Authors: William Poundstone
Tags: #Business & Economics, #Investments & Securities, #General, #Stocks, #Games, #Gambling, #History, #United States, #20th Century
OR PURE STRANGENESS,
the Kelly debate peaked in 1979. Nobel laureate Samuelson rephrased his objections to the geometric mean strategy with Dr. Seuss simplicity. He wrote a journal article using words of one syllable only. “Why We Should Not Make Mean Log of Wealth Big Though Years to Act Are Long” was published in the normally polysyllabic
Journal of Banking and Finance
“What I think he was trying to say,” Thorp theorizes, “is: ‘You people are so dumb, I’m going to have to explain this in words of one syllable.’”
Samuelson’s gimmick prevented him from using the words “geometric,” “logarithmic,” or “maximize.” He could not mention Bernoulli, Kelly, Shannon, Latané—or even Gertrude Stein.
Why then do some still think they should want to make mean log of wealth big? They nod. They feel ‘That way I must end up with more. More sure beats less.’ But they err. What they do not see is this: When you lose—and you
lose—with N large, you can lose real big. Q. E. D.
Samuelson deftly concludes,
No need to say more. I’ve made my point. And, save for the last word, have done so in prose of but one syllable.
Throughout the debate, each side indulged in speculation as to what defects of character or intellect caused their opponents to persist in their grievous error. Samuelson has remarked that the people
impressed with the Kelly criterion tend to be the people
schooled in economics. There is much truth to that. They are largely information theorists, gamblers, mathematicians, portfolio managers—not dummies, but neither are they people with a Ph.D.-level acquaintance with the economic literature.
At least partly as a result of Samuelson and Merton’s influence, the reputation of the Kelly criterion among economists today is scarcely better than that of painter Thomas Kinkade among art critics. It only appeals to those who just don’t “get it.”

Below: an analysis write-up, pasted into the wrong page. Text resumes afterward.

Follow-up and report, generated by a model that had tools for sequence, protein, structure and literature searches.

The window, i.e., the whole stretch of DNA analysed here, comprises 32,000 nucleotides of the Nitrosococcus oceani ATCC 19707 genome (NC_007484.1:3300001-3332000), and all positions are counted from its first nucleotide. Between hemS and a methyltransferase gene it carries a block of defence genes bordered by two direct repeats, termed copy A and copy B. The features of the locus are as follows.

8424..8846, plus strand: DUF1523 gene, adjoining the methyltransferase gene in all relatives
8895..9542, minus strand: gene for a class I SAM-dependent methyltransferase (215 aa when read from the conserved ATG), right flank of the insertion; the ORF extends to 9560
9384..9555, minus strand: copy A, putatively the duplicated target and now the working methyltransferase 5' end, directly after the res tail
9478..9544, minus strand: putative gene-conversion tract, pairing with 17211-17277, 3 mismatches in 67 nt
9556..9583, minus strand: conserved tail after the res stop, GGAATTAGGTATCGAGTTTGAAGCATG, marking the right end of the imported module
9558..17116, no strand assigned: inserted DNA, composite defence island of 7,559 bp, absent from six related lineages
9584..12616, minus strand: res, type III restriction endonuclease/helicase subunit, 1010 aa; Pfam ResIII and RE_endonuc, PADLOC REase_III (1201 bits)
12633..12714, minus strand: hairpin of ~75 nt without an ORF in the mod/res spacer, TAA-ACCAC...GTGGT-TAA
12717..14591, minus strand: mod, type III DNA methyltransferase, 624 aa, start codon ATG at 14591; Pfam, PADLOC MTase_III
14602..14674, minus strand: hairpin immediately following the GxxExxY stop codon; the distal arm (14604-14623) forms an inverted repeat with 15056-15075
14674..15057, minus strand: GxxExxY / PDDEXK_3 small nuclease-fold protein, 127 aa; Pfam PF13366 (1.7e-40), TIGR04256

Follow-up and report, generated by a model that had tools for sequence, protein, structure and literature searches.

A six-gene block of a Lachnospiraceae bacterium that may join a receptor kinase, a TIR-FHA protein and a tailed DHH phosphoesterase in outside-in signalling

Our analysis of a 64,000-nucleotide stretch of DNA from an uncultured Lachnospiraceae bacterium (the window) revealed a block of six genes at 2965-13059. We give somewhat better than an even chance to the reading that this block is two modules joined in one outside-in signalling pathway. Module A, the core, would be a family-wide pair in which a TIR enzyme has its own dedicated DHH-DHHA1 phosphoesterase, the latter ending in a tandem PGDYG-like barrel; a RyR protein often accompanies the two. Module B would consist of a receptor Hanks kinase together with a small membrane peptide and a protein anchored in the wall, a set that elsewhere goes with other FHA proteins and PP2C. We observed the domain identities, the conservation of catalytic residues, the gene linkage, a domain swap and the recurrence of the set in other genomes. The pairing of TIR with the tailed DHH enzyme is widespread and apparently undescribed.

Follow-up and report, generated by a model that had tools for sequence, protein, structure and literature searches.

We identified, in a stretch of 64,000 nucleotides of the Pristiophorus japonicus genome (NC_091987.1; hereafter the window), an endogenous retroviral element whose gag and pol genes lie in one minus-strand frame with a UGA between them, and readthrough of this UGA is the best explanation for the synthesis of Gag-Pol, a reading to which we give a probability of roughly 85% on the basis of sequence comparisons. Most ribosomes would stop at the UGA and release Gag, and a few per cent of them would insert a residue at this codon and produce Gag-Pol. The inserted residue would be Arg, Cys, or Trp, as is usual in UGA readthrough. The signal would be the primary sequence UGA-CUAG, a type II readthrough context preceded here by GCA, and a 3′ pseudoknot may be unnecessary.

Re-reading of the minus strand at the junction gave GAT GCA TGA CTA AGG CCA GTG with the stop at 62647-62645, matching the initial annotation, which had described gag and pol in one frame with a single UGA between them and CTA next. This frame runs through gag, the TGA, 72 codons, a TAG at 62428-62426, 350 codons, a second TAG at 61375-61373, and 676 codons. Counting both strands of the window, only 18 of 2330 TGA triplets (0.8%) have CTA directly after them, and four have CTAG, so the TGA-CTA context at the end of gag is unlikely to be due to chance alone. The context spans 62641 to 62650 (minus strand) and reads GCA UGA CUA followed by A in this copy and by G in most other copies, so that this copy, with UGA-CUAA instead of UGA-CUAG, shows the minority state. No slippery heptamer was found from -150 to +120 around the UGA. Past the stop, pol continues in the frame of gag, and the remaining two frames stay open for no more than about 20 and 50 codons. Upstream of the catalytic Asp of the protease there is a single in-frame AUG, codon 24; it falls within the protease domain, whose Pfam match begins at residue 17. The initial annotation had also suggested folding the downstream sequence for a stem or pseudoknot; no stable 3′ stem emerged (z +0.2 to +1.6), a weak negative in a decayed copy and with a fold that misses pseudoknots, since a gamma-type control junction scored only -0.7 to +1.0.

The other side has done its own psychoanalyzing. I’ve heard a profusion of theories about how and why Samuelson became so dead set against the geometric mean. One was that the attention that Samuelson’s friend Claude Shannon got with his stock market lecture put the Kelly criterion on Samuelson’s agenda. (If Jennifer Lopez got a lot of attention announcing a solution to global warming, earth scientists would doubtless take zest in pointing out such flaws as they honestly found in J.Lo’s scheme.) Another explanation is “not invented here.” The Kelly criterion is the work of information theorists (and an eighteenth-century physicist), not an economist, and for that reason economists reflexively defended their turf.
John Maddux, longtime editor of
, proposed a facetious law that might in some measure apply to either side of the Kelly dispute: “Reviewers who are best placed to understand an author’s work are the least likely to draw attention to its achievements, but are prolific sources of minor criticism, especially the identification of typos.”
HERE THE TWO SIDES AGREE
is that the Kelly system poses some challenges to any investor hoping to harness its maximal return. This is another point that can be made visually.
Consider the chart on the next page a snapshot of the Kelly criterion. It is a chart of a Kelly bettor’s (trader’s) wealth for a sequential series of wagers on a single betting opportunity. The horizontal scale is time (or bets), and the vertical scale is wealth. I have left out the units. You can think of this chart as being printed on rubber so that you can stretch the time and wealth axes as you like.
You might ask what game or investment is being charted. It doesn’t matter much. Kelly betting is a way of making all gambles and investments interchangeable. Given
gambling or investment opportunity, the Kelly wager converts it into a capital-growth-optimal gamble/investment. When the wager is too risky, the Kelly bettor stakes only a fraction of the bankroll in order to subdue the risk. When an investment or trade carries no possibility of a total loss, the Kelly bettor may use leverage to achieve the maximal return.
Assuming that the Kelly bettor is able to wager as much as justified (using leverage when applicable) but is not permitted to diversify by placing simultaneous bets, then the wealth path will look approximately like this chart in any game of chance or investment. I am speaking not of the exact configuration of peaks and valleys—these, of course, are determined by random events—but rather the scale of these jitters relative to the general exponential uptrend. The graph may remind you of a stock market chart. Actually, a Kelly gambler’s bankroll is